Phones and tablets for children: spending too much time using electronics can hamper development

By | January 31, 2019

Letting a small child spend a lot of time using tablets, cell phones and other electronic devices with screens may delay the development of language and sociability skills, according to a Canadian study.

The survey, which tracked about 2,500 2-year-olds, is the latest evidence in the debate over how long screen usage is safe for children.

In Canada and the United States, experts say children should not use screens before they are 18 months old.

In the UK, where no such limit has been set, the Royal College of Pediatrics and Child Health (RCPCH) says there is not enough evidence, even when including this new study, to establish a “direct negative effect” of this behavior.

What does the survey say?

Mothers were consulted about screen time between 2011 and 2016 and completed questionnaires about their children’s abilities and development when they were 2, 3, and 5 years old.

This included watching TV shows, movies or videos, playing video games and using a computer, tablet, cell phone or any device with a screen.

At age 2, children spent an average of 17 hours in front of screens per week. This increased to about 25 hours at 3 years, but fell to about 11 hours at age 5, when the children started in elementary school.

The findings, published in the journal JAMA Pediatrics, suggest that there is an increase in screen time before any developmental delay is noticed, rather than in a scenario in which children with developmental disabilities start using screens longer.

But it is unclear whether increased use of screens is directly responsible. The longer screen time can be a simultaneous aspect to others linked to developmental delays, such as how the child is educated and what the child does in the rest of his or her leisure time.

What do scientists indicate?

When young children are looking at screens, they may be missing opportunities to practice and master other important skills.

In theory, this could disrupt social interactions and limit the time that children spend running and practicing other physical abilities.

Even with no concrete evidence of damage, scientist Sheri Madigan and her colleagues, the study’s authors, say it still makes sense to limit children’s screen time and ensure that it does not interfere with “interpersonal interactions or family time” .

They also said that perhaps they should have accompanied even smaller children because it is becoming increasingly common for babies to use screens.

How much screen time is excessive?

That’s a good question, without a satisfactory answer. The new study makes no recommendation in this regard. Some of the 2-year-olds were spending more than four hours a day, or 28 hours a week, in front of screens, according to their mothers.

The guidelines of the American Pediatric Association (AAP) indicate:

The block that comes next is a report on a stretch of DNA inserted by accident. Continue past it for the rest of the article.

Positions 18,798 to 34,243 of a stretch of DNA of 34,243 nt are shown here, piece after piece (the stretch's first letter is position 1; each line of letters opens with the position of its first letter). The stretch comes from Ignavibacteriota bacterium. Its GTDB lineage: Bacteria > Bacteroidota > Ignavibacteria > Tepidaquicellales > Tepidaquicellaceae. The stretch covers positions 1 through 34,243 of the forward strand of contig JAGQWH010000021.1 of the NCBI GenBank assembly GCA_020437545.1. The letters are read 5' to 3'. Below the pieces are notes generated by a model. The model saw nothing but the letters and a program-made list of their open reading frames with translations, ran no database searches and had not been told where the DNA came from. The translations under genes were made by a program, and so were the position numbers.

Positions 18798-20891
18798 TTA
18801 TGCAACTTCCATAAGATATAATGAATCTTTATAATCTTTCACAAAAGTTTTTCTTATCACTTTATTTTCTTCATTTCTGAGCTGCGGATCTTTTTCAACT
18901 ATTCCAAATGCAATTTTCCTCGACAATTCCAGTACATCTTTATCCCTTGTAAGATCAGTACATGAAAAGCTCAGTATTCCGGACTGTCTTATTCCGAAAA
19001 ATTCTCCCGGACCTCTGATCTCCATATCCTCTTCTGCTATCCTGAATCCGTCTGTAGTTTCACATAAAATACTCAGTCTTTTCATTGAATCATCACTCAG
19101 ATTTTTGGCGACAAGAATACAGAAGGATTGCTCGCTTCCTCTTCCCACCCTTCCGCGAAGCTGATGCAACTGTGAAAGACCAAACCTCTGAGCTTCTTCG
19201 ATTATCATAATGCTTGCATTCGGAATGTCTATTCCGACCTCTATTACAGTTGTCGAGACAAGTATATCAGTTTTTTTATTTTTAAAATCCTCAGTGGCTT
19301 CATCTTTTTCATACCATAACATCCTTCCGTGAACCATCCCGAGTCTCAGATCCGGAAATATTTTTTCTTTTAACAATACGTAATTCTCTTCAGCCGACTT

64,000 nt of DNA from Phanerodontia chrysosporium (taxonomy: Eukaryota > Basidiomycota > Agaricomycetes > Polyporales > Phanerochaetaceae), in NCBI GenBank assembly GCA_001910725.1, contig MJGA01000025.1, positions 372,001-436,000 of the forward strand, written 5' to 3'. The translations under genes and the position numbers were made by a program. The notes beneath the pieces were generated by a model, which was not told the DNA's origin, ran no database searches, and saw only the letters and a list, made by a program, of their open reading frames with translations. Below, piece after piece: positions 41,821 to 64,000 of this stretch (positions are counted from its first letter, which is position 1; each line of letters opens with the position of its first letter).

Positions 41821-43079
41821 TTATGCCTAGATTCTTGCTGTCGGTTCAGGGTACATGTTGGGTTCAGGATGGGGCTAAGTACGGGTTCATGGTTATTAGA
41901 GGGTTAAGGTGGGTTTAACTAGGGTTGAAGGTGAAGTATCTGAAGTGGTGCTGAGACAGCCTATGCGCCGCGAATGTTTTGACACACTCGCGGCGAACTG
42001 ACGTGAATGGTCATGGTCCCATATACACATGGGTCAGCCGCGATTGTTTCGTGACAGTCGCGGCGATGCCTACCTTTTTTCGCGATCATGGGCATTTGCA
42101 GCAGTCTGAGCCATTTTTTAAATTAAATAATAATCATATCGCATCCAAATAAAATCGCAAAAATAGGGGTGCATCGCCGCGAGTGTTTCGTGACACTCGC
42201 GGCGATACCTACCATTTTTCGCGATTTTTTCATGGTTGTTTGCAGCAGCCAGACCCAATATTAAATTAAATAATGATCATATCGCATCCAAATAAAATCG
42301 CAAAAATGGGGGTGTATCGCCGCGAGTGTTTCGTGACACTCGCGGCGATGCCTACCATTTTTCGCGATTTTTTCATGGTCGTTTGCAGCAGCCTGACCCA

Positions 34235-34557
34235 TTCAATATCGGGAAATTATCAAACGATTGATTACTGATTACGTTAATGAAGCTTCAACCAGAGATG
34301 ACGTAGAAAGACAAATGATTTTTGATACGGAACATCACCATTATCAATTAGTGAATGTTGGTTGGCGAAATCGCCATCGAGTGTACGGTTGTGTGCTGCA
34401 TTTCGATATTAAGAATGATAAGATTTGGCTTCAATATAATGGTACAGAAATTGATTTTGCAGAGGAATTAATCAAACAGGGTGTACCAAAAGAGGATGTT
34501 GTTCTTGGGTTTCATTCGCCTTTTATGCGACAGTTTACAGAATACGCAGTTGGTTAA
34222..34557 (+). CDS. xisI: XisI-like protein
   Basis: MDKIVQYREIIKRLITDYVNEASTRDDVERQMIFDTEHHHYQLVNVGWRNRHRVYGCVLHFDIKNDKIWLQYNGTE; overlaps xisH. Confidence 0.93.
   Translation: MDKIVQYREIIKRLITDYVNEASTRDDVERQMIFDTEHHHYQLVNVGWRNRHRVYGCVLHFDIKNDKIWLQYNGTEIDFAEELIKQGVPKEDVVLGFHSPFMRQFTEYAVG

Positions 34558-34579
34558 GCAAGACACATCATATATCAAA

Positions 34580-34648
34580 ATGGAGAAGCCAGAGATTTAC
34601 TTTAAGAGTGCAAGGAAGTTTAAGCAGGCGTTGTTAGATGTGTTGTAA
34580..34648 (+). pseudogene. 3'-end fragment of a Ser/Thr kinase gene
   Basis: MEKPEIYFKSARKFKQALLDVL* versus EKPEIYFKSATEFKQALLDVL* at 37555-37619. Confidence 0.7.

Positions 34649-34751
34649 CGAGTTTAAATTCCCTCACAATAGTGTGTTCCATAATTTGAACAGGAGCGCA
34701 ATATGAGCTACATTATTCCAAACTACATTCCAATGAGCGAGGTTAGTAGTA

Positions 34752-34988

* For children under 18 months, avoid any use of the screen in addition to video calls;

* Parents of children ages 18 to 24 months who wish to introduce digital media use should choose quality programming and watch with their children to help them understand what they are seeing;

* For children from 2 to 5 years, the use of screens should be limited to one hour a day and quality programs. Parents should attend with their children;

* For children 6 years and older, impose consistent limits, ensuring that screen time does not disturb sleep and physical activity.

The Canadian Pediatric Society goes further, saying that children under the age of 2 should not wear screens.

RCPCH published guidelines earlier this year, but set no limits. The organization says that “evidence is weak to guide parents about the appropriate level of screen time” and that “can not recommend a screen time limit for children in general.”

Instead, he advises families to ask themselves:

* Is the screen time in your home checked?

* Does the use of screens interfere with what the family wants to do?

* Does the use of screens interfere with sleep?

* Can you control what your child eats during the screen time?

If a family is satisfied with the answers, then it is likely to be doing well on this complex issue, says the RCPCH.

How to reduce screen time?

The AAP advises families to establish periods when media are not used, such as meals or car trips, as well as places in the house where media is not allowed, such as bedrooms.

The RCPCH says that adults should analyze their own time to use screens and set a good example.

Most experts also advise children not to use screens one hour before bed so their brains have time to relax to sleep.

“We still need more research to say whether children are more vulnerable to screen damage and what impact that can have on their mental health,” said Bernadka Dubicka of the Royal College of Psychiatrists.

“We also need to evaluate the effects of different types of content, because there are also positive ways to use screens.”

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